Getting to the roots of lethal hairs

Fine metal hairs, also called metal whiskers, on tin-plated copper cause short circuits in electronic components. An international team of researchers is finding out why they grow

September 29, 2009

A short circuit can be quite hairy: satellites have failed, a NASA computer centre was repeatedly paralysed and the US public heath authority recalled thousands of pacemakers - all because tin whiskers caused a short circuit in the electronic components of these devices. A team of scientists from the Max Planck Institute for Metals Research has been working with Robert Bosch GmbH to measure the forces that trigger this metallic hair growth. Tin whiskers can be up to a few millimetres long and just a few micrometres in diameter. They sprout from the tin used to solder and plate electronic components made of copper. Understanding in detail what makes the whiskers grow is the first step on the way to preventing their growth. (Applied Physics Letters, June 2009)

The systems in a NASA computer centre failed after new data storage had been installed; at least 18 short circuits occurred in the high-performance computers before technicians found the reason: the replacement of the storage devices dislodged metal whiskers from the base construction and their subsequent distribution via air circulation caused system failure by bridging the electrical circuits of the supercomputers.

Researchers working with Eric J. Mittemeijer at the Max Planck Institute for Metals Research together with colleagues from the Robert Bosch GmbH, Argonne National Laboratory in Illinois and Oak Ridge National Laboratory in Tennessee have revealed the forces that cause these whiskers to sprout from tin-plated copper. According to their findings, the pressure of the tin atoms at the base of the film needs to be higher than at the surface. At the same time, there must be a pressure difference on the film’s surface plane: The pressure at the root of the tin whisker must be lower than it is further away. "You can compare it to a toothpaste tube," says Matthias Sobiech, who carried out the experiments. "When you press the sides, toothpaste comes out of the top." The pressure, which physicists also call stress, is created because an intermetallic tin-copper compound forms at the tin-copper interface that grows further into the tin film.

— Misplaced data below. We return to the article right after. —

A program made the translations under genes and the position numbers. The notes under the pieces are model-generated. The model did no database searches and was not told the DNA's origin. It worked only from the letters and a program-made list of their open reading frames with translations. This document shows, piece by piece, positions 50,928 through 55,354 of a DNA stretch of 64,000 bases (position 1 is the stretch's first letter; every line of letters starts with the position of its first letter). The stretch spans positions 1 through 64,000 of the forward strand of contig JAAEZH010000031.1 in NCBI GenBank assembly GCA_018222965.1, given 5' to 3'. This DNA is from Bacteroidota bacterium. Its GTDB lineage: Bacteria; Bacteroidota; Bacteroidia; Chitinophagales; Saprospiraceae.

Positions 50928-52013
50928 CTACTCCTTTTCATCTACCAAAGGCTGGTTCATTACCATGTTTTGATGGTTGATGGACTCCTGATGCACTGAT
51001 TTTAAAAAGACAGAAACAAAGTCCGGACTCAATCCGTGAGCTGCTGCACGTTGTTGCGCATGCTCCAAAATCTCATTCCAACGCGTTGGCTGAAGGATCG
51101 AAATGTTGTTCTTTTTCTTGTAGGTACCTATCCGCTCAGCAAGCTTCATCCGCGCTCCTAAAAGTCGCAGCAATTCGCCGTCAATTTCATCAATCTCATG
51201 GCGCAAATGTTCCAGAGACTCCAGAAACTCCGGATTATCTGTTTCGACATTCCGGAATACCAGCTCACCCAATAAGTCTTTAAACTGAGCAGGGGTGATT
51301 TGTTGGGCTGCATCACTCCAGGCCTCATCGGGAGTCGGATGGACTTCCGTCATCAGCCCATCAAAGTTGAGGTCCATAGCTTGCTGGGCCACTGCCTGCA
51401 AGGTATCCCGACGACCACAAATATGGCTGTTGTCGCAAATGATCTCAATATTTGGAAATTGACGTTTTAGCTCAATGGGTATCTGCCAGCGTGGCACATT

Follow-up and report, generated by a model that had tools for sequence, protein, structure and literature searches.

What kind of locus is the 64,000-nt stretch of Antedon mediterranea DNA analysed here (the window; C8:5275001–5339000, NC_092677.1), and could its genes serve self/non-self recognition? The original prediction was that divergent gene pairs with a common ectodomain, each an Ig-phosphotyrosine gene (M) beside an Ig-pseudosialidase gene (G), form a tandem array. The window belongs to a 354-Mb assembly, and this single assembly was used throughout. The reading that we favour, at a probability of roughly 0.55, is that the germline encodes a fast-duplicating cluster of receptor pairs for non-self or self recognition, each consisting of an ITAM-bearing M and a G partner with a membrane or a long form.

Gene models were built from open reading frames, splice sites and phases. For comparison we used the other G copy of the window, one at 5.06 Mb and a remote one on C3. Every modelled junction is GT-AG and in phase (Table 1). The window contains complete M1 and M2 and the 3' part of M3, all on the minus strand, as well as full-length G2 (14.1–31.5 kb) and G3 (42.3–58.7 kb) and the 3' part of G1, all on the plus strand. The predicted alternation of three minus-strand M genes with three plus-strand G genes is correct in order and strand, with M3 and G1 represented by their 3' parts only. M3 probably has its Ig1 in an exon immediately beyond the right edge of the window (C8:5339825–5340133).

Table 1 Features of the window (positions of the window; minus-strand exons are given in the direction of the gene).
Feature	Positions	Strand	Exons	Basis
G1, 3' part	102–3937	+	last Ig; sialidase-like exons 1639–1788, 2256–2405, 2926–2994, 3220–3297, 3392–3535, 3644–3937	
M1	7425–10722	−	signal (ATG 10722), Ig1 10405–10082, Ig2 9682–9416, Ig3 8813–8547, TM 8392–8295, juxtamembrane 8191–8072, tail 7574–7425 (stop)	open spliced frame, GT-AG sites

X-ray investigations provided a detailed picture of the distribution of the stress in the tin film. The researchers determined the stress differences between the base and the surface of the tin film in their laboratory in Stuttgart by measuring step by step the vertical mechanical stresses. In order to measure the distribution of stress in the surface plane around a growing whisker, the researchers had to use a method with very high spatial resolution in the sub-micron range. These micro stress measurements were taken using the synchrotron at the Advanced Photon Source at Argonne National Laboratory by means of the Micro Laue Diffraction method: A very fine beam of X-rays, around 300 nanometres in diameter, scanned the surroundings of a growing tin whisker in very small steps, and a sensitive detector very precisely recorded the local stresses at each probed position.

"We showed, for the first time, that tin whiskers are formed on tin layers which clearly exhibit mechanical stress differences," says Eric J. Mittemeijer, Director at the Max Planck Institute for Metals Research in Stuttgart. "And that these stress differences are the driving force for the growth of the whiskers." He and his colleagues demonstrated this in experiments by measuring local stress distributions in films that exhibit whisker growth and in films that do not exhibit whisker growth.

Looking closely at the state of stress in a material can be helpful in many investigations. It reveals a lot about the forces that operate in electronic or mechanical microsystems, which might have a detrimental effect on their function - in the same way as the tin whiskers cause short circuits in electronic components. "We hope that our findings will help to protect electronic components from the growth of tin whiskers," says Matthias Sobiech. "Because we now know that it is important to remove the stress differences in the film." The researchers are now setting out to investigate how that can be done successfully.

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